As the famous saying goes, "It’s not what you know, but who you know." You never know who will have the power to give you your dream job.
Networking

The Importance of Networking

As the famous saying goes, "It’s not what you know, but who you know." You never know who will have the power to give you your dream job.

Networking involves the use of business contacts to acquire advice, information and referrals when job hunting. Your contacts will range from close friends to professionals that you met previously. However, it is always easier to network with close friends, family and neighbors. You can also network with fellow co-workers from previous jobs, classmates and other people. As the famous saying goes, "It’s not what you know, butwho you know." You never know who will have the power to give you your dream job.

Studies and What They Show

Excluding the search through want ads, studies have shown that 60 to 90 percent of jobs have been found because of personal contacts, relatives and friends. When networking, you have to ask people if they know of job openings for someone who has your qualifications. In many cases, they might know someone who can help you. In a lot of cases, these are the unadvertised jobs. If you network well, it will reduce the amount of time spent job searching, and it will turn your personal contacts into an interview and possibly a job offer.

Find as Many Contacts as Possible

If you were an employer, wouldn’t you want to interview someone that you were referred to by someone you know and trust. It eliminates the guesswork of looking at applications and trying to figure out who will make a good employee. You have a lot of organization that rely on referrals, and it is especially common with the smaller companies. This costs much less than trying to hire an employment agency or paying for a classified ad.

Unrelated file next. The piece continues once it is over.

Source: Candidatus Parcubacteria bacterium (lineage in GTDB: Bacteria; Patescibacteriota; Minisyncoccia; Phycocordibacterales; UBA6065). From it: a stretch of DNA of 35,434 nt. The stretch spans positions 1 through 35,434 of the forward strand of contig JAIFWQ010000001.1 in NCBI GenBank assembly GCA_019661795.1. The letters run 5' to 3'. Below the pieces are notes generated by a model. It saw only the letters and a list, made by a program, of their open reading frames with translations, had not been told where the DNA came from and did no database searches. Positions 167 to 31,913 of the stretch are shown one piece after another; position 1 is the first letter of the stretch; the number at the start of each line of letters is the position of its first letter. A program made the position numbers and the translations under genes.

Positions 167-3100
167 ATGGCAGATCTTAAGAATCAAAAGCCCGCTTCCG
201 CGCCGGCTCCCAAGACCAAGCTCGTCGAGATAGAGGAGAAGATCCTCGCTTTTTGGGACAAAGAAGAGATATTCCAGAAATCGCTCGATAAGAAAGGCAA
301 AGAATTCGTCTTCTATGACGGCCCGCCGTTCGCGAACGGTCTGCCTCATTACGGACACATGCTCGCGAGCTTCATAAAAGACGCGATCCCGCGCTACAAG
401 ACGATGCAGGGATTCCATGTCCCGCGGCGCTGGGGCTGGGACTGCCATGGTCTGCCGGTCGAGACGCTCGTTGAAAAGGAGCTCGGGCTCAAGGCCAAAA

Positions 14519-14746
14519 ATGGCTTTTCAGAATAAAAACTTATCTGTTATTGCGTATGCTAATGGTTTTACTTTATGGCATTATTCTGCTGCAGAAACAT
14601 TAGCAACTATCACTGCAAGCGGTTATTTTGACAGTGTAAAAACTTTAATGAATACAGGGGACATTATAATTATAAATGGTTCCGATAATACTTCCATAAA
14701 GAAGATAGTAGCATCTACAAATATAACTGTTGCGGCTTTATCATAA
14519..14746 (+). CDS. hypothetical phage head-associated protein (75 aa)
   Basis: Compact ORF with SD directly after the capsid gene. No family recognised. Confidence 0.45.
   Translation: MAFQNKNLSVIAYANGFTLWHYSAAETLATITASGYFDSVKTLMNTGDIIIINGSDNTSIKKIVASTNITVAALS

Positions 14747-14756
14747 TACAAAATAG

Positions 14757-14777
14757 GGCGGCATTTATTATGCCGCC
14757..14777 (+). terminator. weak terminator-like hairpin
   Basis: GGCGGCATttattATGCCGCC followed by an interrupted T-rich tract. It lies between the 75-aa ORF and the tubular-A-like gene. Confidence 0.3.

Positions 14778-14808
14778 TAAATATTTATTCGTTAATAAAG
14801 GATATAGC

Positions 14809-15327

Who Do You Network With?

In the ideal circumstances, you want to network with people in all types of industries and businesses related to your field. You can also join a professional association to meet with contacts. Maintain contact with previous professors, employers, interns and classmates. You never know who will become a potential job lead.

Prepare a Script

If you will network effectively, you should prepare and practice. To do this, create a script that will describe who you are and what you want in a position. You should also talk about relevant accomplishments. This includes:

  • Education

  • Years of Experience

  • Skills

  • Traits

  • Important Knowledge You Possess

If you want networking to work best, follow-up becomes an essential part of the process. After you have spoken with someone about a job lead or referral, send them a letter and thank them for their help and suggestions. In addition, keep them updated on your progress because you never know if they will learn of another job lead. While networking is difficult for some people, the efforts put forth are well worth it.

Content sourced from Talent Inc.
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